“Sure. I seen a UFO. Just t’other day.”
Markus’ face lit up. He raised his clipboard and poised his pen over a fresh UFOSR-214 form to record the old woman’s testimony.
“What time was it?”
“Oh, right about ten o’clock. Maybe a little after.”
“And where was this?”
“Down the green.”
Markus looked up. “A golf course?”
“No, the green. Big meadow off the highway, end o’ town. Lowest point in the area. Water collects. Grows the grass green.”
“Uh-huh.” Markus scribbled his notes as fast as he could and still read them.
“Is this a common UFO sighting area?”
“Well, has anyone else seen UFOs at the green?” Markus tried to keep the impatience out of his voice.
“Sure. Jim down the street saw one last year. Young Lawrence saw somethin’ as a boy. Long time ago now.”
Markus nodded as he wrote. The gnarled old woman squinted up at him from her front-porch rocking chair.
“You a reporter?”
“No, ma’am,” Markus assured her. “Just a believer.”
The woman leaned forward. The chair followed her movement on its skids. “You seen one of them things?”
Markus hesitated. “Yes.”
“Don’t seem too sure yerself.”
“It was a long time ago.”
Markus gazed at the old woman. Her knowing, crinkled eyes. He swallowed convulsively.
“I was just a kid,” he said. “Seven years old.”
“How old you now?”
“Mmm. That is a long time ago.”
“When you saw the UFO. Somethin’ happened.”
“Nothing,” he lied.
The old woman knew it. The two of them stared at each other while the breeze rustled the aspen leaves on the far side of the wooden porch. After an age, the woman leaned back in her chair and started rocking. Markus blinked a few times. His head felt fuzzy in the heat of the day.
“I wouldn’t go down the green, I were you.”
“I have to investigate,” Markus said politely. “Can you tell me what you saw?”
The woman scowled. “I’ll talk. If you promise not to go lookin’. Ain’t safe.”
Markus looked at her, brow furrowed. She still sat back in her chair, still rocked gently, but there was a subtle shift in the air between them. Something he couldn’t define. He nodded slowly.
“Yes, ma’am. I promise.”
“I’ll know if you break it,” she warned, two arthritis-curled fingers pointing at him.
She lowered her hand. “Lights,” she said. “Lots o’ lights. Bright lights. Six or seven of ’em. All white. Made a sorta circle, ’bout twenty feet ’round, I’d say. And steam. Couldn’t see the ground ’neath my feet.”
“What about sound?” Markus asked, eager. “Or smell?”
“Sounded like wind and waterfall,” the woman answered, her eyes losing focus at the memory. “I fell right over. Then it rushed away. Lights in the sky going farther, farther. Then nothin’.”
“Not a scent.”
Markus nodded, disappointed. “No smell.”
“None. Least, none that I know of.”
“You think there was a smell and you just didn’t notice?”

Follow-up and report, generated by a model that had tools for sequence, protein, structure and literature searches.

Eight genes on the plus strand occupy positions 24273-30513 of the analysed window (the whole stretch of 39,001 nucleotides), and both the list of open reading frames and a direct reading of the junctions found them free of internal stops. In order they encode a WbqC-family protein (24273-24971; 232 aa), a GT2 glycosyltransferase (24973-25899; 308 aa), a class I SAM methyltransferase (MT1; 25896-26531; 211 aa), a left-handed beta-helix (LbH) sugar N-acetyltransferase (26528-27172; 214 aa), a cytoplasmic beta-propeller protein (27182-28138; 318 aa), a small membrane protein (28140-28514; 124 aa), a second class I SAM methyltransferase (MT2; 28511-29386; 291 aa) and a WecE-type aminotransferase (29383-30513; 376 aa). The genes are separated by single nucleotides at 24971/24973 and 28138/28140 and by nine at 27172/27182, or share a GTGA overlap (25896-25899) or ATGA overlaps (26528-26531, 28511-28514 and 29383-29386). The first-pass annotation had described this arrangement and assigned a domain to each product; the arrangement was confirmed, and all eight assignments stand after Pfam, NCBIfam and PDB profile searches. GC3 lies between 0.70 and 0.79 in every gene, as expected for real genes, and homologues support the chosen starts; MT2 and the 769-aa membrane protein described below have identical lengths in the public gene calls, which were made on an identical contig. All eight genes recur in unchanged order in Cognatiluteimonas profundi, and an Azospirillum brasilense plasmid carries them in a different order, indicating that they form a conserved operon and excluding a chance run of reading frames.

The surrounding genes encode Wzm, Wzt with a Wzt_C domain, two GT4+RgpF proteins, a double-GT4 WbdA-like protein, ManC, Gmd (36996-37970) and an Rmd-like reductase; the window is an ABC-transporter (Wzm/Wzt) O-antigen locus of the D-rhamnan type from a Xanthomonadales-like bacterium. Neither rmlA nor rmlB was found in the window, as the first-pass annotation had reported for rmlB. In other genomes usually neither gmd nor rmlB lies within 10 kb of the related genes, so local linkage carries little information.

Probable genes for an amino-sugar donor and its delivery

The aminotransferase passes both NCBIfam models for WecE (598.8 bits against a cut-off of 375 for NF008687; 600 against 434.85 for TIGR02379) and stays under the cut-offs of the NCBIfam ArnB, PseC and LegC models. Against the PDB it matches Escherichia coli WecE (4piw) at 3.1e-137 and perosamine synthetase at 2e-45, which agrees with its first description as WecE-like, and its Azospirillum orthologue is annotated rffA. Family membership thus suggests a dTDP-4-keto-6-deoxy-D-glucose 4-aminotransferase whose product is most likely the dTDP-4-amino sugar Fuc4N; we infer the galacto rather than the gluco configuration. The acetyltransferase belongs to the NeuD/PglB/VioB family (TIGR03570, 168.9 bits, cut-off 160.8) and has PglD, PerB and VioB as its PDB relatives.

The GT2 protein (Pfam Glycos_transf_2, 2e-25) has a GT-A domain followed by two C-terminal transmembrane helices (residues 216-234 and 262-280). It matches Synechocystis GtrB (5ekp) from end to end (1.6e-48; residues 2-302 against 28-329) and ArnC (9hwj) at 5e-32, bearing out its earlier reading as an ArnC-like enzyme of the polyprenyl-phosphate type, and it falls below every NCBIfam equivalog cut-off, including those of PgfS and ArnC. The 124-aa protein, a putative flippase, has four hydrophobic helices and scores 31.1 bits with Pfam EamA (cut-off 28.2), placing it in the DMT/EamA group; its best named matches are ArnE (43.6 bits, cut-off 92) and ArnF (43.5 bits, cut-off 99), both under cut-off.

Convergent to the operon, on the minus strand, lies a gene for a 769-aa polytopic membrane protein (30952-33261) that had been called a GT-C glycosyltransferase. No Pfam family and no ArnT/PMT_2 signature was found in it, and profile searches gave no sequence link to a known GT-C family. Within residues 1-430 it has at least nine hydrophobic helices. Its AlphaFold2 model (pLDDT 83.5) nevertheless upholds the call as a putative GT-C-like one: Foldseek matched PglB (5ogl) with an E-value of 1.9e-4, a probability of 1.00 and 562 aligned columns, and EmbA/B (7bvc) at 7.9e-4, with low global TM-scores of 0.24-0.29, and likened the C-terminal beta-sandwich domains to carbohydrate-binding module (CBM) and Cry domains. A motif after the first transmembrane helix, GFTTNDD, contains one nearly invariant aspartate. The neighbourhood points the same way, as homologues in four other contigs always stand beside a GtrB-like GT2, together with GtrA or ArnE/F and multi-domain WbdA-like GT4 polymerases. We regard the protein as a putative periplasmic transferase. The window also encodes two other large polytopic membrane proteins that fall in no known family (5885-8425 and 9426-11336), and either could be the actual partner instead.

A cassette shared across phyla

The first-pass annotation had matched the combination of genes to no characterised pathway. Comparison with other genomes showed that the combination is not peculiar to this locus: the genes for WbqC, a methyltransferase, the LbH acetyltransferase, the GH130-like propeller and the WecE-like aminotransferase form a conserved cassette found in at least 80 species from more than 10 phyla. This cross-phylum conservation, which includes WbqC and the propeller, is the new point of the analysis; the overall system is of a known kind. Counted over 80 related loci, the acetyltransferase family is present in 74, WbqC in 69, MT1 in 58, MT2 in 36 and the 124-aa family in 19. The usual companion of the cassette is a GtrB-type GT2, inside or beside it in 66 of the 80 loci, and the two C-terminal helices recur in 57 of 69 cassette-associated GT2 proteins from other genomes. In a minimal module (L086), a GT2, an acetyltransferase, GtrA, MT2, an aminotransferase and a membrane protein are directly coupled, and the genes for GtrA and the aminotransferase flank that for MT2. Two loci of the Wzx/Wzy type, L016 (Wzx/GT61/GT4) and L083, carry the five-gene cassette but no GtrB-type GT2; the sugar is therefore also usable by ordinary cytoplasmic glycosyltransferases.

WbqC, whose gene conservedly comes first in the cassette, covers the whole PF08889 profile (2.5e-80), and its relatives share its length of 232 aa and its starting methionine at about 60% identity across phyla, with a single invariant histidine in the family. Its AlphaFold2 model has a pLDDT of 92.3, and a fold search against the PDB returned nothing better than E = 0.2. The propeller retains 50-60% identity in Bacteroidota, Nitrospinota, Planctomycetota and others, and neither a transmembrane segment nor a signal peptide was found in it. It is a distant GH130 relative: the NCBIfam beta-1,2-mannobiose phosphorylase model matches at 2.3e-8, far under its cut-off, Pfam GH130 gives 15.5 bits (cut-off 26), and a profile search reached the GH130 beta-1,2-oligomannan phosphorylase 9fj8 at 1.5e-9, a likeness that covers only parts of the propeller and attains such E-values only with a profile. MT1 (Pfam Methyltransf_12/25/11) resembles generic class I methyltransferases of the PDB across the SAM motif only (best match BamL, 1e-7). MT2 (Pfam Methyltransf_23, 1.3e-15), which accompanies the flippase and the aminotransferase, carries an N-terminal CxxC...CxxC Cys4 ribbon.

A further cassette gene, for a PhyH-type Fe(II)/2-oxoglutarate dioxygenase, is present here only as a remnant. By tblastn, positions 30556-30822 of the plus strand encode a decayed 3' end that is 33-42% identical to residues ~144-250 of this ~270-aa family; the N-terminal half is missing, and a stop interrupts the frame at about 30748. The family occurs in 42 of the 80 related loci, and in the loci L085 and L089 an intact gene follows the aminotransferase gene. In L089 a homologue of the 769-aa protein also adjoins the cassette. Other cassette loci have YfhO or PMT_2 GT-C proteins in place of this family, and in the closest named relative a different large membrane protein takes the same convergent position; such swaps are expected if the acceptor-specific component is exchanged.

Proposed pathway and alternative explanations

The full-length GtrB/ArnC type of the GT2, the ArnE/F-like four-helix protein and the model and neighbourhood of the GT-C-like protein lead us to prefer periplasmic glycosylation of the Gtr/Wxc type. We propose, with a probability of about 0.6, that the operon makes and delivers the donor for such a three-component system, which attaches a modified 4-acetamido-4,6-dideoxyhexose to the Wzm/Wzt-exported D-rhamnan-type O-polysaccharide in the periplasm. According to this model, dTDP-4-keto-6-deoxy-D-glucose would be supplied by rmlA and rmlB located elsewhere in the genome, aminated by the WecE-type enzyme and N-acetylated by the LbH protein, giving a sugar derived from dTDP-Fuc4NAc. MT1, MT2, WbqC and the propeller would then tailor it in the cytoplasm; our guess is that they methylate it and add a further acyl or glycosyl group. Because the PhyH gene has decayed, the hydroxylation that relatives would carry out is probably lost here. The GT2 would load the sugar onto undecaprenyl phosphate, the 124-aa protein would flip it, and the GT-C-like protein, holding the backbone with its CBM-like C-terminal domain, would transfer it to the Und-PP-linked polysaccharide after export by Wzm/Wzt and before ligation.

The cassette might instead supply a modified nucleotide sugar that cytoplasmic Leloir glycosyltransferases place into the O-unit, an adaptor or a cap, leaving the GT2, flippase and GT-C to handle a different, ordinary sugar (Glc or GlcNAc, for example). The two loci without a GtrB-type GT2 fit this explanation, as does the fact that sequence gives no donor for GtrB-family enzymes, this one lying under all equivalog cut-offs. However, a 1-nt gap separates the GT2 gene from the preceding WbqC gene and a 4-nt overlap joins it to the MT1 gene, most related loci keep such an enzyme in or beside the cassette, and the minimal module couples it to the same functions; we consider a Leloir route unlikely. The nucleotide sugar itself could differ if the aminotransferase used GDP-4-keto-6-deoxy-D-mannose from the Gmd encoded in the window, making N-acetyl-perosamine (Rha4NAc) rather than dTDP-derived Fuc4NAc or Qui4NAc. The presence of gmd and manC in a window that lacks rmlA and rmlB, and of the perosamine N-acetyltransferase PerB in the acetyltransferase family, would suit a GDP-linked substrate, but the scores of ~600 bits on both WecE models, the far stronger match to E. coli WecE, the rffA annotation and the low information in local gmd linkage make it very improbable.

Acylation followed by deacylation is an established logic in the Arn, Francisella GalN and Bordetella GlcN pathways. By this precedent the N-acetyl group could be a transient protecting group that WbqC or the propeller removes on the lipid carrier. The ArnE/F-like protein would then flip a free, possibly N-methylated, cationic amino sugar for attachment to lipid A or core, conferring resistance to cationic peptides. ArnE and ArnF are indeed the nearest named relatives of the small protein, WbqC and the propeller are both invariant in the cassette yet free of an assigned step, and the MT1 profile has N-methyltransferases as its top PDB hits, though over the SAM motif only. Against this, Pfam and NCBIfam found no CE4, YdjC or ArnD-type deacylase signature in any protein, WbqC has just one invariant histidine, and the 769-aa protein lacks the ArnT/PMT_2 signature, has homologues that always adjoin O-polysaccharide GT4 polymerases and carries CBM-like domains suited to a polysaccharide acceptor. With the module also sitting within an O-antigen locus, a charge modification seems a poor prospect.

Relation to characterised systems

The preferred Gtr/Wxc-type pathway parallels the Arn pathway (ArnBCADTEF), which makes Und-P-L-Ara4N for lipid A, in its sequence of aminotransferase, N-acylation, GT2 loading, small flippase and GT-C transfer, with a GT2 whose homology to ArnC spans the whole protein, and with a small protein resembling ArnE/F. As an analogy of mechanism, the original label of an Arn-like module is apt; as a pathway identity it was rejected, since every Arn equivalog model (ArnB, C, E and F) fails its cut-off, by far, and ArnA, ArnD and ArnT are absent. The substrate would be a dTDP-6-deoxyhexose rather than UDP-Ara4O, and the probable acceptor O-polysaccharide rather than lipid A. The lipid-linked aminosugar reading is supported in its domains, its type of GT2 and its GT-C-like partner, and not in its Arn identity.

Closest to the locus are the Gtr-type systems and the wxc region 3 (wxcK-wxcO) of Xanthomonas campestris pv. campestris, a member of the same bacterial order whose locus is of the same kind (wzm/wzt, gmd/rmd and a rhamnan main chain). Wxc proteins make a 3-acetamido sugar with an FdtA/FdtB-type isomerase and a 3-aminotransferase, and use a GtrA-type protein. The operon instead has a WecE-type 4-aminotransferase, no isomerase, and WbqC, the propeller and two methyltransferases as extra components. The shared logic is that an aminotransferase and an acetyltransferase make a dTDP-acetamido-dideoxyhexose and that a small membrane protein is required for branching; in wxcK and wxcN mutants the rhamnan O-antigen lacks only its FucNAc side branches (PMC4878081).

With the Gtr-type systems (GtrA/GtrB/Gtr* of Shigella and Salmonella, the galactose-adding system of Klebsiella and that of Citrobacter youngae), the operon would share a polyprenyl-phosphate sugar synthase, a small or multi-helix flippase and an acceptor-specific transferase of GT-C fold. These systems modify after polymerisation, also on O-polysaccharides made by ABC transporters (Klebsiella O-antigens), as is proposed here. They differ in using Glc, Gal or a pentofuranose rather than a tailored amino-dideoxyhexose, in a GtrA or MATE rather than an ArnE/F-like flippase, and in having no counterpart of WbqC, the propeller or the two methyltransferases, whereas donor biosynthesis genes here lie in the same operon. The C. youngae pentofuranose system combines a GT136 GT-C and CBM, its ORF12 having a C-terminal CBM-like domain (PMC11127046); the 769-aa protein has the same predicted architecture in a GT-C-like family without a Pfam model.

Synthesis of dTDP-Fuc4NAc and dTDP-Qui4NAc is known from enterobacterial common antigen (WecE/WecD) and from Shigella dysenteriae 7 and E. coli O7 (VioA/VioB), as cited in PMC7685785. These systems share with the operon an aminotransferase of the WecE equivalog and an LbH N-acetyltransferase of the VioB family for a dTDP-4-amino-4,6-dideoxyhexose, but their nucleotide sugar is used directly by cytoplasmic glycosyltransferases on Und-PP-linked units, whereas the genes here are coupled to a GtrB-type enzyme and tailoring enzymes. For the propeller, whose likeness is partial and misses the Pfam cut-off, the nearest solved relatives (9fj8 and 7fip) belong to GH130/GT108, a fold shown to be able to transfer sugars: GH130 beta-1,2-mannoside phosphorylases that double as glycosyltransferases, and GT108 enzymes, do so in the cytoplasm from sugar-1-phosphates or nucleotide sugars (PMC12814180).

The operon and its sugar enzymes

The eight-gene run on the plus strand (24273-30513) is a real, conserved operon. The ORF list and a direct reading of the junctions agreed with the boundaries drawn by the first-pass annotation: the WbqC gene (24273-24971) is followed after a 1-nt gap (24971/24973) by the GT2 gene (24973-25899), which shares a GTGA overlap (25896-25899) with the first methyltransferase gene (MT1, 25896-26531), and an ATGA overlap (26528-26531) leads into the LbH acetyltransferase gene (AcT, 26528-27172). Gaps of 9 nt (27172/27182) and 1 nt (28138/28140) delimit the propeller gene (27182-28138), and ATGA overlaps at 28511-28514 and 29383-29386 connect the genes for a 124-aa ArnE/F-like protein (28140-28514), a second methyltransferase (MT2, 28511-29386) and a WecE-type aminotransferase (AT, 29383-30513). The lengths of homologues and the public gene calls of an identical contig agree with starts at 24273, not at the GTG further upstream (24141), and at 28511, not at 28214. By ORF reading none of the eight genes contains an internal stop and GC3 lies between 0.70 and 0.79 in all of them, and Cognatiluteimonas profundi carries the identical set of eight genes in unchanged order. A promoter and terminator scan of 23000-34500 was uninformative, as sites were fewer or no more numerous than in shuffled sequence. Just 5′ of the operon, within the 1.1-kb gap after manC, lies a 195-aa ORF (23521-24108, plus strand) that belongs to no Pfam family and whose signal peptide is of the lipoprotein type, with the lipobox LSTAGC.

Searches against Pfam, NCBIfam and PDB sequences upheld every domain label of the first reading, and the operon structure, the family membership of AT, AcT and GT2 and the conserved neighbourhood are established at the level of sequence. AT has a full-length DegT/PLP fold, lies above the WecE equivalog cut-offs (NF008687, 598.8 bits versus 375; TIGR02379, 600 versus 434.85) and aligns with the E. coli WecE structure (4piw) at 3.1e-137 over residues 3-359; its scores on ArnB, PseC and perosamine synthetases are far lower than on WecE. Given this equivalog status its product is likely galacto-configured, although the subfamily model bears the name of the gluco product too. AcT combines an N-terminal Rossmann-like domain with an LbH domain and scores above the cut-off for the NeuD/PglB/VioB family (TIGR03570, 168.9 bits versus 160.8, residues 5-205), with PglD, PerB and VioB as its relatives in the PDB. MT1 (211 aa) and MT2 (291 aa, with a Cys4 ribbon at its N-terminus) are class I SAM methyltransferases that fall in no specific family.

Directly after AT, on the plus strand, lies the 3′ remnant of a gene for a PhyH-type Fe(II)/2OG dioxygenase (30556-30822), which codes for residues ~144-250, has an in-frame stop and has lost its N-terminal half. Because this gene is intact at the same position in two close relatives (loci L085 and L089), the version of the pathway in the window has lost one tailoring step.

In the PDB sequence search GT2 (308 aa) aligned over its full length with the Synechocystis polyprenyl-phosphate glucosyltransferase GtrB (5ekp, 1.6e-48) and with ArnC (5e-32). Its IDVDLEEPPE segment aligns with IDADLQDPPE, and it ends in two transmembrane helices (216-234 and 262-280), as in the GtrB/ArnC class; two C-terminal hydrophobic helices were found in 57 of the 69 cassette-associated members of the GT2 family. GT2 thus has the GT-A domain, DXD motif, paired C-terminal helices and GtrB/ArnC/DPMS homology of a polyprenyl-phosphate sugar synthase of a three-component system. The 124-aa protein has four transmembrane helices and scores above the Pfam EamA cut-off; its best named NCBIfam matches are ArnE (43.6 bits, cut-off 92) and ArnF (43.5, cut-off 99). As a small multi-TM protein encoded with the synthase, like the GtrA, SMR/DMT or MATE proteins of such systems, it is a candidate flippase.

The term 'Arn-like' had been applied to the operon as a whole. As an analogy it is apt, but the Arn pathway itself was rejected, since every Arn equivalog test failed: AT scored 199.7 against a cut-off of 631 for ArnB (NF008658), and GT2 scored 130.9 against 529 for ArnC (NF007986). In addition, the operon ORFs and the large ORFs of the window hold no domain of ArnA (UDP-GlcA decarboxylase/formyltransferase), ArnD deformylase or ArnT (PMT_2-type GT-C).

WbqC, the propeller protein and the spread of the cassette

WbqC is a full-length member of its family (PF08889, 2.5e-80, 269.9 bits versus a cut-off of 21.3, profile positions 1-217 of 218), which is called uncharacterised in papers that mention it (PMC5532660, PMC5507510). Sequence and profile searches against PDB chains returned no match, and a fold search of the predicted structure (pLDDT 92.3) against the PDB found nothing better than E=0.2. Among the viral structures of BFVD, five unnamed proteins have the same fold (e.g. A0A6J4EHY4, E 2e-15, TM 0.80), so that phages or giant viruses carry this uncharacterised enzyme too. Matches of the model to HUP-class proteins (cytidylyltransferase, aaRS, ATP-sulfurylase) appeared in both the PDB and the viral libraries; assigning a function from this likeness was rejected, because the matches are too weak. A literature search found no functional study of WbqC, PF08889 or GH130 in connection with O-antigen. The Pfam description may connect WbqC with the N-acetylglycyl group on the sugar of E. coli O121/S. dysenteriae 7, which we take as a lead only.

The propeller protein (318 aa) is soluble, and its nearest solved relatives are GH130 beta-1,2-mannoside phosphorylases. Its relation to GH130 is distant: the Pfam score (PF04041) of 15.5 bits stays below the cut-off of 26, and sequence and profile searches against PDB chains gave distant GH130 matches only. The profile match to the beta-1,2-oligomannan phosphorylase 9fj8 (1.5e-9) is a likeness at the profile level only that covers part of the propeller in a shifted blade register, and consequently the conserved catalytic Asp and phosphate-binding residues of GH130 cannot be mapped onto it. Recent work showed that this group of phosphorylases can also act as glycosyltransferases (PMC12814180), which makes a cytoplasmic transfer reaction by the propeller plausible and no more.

The woman shrugged. “I been sick. Can’t hardly smell my roses if I put my face in ’em.”
Markus smiled to show he wasn’t upset, but uncertainty gnawed at him. The tangy, tinny smell of the air around the craft was his strongest memory.
“Anything else you can remember, ma’am?”
“Nope. I told you everything.”
Markus hooked his pen on the metal bar of his clipboard and lowered the apparatus to his side. “Thank you so much, ma’am. I appreciate your willingness to talk about it.”
“Don’t go down to that green,” she warned, grasping his wrist with a bony hand in an uncomfortable grip. “Don’t go down there.”
“I won’t,” Markus promised. He wasn’t totally lying — he wasn’t going to the green. Not yet. First he’d interview Jim and Young Lawrence. He obtained their addresses from the old woman and drove off in his pickup, waving to her as he pulled onto the road. She didn’t wave back.
Markus focused on the road ahead. The interview had unnerved him, even the warning. But he was so close. He was so close to figuring out where the next landing would be. He already knew when. In fifty-six hours, there would be a landing. In fifty-six hours, if he could just get to the right place, he would smell that tang on the air, be blinded by the bright, white lights, and maybe — maybe — he’d find his family. He’d been tracking the sightings since he was seven. He’d weeded out the delusions and secret military aircraft and other UFOs. Then he’d cross-referenced every real sighting of the specific craft that had flown away with his parents and sister all those years ago.
He adjusted his grip on the steering wheel and eased his foot off the gas to drop back down in the neighborhood of the speed limit. He was close. He was so, so close to going home.
Rachel Lulich is a writer, freelance editor, and Air Force veteran. She has been published in GateWorld, Clarinet News magazine, Short and Sweet: A Different Beat, and The Upper Room. Lulich has a Master’s Degree in Book Publishing and has edited a number of award-winning novels and memoirs. In 2019, she independently released her first science fiction novel, Random Walk. Originally from the Pacific Northwest, Lulich now makes her home in Indiana, where she lives with her many books and LEGOs.